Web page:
To find the conditional probability, we’ll use the contingency table we used in the lesson on marginal probability. The table shows the test results of 200 students who took a GED test.

We will randomly select a student from the list of 200 students. However, assume that if they are male, you already know the selected student.

The fact that you know the student is male means that the event has already occurred.

Knowing the **Student is male**, can you calculate that **probability** that this student has **passed** or **failed.**

That kind of probability is called **conditional probability** and here is the notation to find the probability that a student passed if the student is male, along with some explanations.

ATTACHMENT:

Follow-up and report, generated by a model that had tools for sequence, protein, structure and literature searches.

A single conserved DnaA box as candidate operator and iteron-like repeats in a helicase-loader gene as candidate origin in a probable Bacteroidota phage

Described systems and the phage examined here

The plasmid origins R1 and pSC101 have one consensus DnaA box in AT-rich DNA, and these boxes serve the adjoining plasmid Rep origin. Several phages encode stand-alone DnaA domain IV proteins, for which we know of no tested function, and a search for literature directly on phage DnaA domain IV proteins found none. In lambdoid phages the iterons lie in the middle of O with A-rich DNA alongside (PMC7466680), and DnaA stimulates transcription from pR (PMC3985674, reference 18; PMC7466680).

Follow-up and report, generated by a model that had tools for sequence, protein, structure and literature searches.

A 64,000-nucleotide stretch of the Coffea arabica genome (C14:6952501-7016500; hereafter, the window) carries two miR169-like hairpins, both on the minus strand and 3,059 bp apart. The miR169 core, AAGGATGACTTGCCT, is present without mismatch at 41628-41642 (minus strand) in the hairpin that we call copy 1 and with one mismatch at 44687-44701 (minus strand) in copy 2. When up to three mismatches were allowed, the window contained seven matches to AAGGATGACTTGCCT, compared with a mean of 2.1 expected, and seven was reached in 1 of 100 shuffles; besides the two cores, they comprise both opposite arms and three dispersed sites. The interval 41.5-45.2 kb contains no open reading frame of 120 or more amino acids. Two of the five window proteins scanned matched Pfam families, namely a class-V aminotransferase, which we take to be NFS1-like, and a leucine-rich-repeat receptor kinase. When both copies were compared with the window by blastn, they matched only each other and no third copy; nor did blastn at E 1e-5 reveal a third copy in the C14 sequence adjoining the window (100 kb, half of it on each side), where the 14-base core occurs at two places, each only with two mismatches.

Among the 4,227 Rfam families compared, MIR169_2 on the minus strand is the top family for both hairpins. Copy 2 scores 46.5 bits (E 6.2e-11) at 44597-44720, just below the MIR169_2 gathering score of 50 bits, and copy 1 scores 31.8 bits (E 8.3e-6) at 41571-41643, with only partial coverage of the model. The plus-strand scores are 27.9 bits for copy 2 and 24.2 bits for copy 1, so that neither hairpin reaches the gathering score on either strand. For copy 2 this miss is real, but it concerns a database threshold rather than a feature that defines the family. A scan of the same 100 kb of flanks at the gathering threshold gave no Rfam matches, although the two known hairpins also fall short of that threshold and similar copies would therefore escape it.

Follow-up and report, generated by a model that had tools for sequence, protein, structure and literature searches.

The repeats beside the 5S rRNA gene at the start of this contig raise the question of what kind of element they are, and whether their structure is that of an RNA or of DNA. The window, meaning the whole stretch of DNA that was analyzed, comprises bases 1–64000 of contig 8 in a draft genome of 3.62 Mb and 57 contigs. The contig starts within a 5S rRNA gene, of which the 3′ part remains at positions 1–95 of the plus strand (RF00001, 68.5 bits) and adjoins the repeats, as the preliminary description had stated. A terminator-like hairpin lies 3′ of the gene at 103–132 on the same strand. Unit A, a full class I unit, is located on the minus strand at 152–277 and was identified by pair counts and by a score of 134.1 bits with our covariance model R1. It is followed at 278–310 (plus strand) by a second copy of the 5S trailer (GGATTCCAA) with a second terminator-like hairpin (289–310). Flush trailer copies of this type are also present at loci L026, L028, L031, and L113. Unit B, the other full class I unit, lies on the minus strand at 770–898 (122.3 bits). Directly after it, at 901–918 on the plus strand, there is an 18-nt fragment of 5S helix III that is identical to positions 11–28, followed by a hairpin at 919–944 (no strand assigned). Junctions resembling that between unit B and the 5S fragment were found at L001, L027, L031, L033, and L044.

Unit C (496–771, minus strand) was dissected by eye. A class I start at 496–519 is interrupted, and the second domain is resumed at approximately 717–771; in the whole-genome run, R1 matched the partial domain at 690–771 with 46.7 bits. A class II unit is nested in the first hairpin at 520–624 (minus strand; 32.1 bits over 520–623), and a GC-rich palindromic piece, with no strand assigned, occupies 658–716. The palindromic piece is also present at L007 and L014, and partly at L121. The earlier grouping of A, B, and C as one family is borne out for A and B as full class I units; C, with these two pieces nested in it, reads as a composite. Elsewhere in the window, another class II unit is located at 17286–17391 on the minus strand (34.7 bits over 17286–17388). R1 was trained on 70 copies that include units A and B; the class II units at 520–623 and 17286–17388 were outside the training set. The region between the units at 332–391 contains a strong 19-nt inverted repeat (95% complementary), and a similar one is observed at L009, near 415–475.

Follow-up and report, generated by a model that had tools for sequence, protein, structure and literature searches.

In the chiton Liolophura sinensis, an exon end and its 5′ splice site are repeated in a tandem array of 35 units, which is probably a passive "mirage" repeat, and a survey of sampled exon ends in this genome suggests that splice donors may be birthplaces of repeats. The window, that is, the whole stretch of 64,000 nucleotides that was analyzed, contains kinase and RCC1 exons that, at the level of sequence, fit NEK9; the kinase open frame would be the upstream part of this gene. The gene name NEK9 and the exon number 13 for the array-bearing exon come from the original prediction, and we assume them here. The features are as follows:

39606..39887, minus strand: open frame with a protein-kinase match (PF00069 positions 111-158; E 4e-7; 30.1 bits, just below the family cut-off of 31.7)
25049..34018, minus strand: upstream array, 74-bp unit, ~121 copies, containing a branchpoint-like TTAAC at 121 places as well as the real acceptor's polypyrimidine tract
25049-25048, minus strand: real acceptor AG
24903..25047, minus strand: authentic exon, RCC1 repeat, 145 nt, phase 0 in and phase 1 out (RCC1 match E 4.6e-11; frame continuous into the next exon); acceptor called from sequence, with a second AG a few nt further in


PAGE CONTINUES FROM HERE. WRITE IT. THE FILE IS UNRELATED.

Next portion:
You can calculate one of the following 8 conditional probabilities.

P (a student passed / male)

P (a student passed / female)

P (a student failed / male)

P (a student failed / female)

P (a student is male / passed)

P (a student is male / failed)

P (a student is female / passed)

P (a student is female / failed)

Let’s calculate the P (a student passed / male).

If the student is male, the student will be selected from the list of 102 men.

From this list, there were only 46 students.

P (a student passed / male) =

Number of men who passed

Total number of men

P (a student passed / male) =

46

102

= 0.451

What about P (a student is male / passed)?

The number of passed students is 114.

Of that list, only 46 students are male.

P (a student is male / passed) =

A student is a man

Number of passed students

P (a student is male / passed) =

46

104

= 0.403

As you can see from the results, P (a student passed / male) is not equal to P (a student is male / passed) because there is a difference.

P (A student passed / male): This probability only shows the success rate of men.

P (A student is male / passed): This probability compares the success rate of men and women.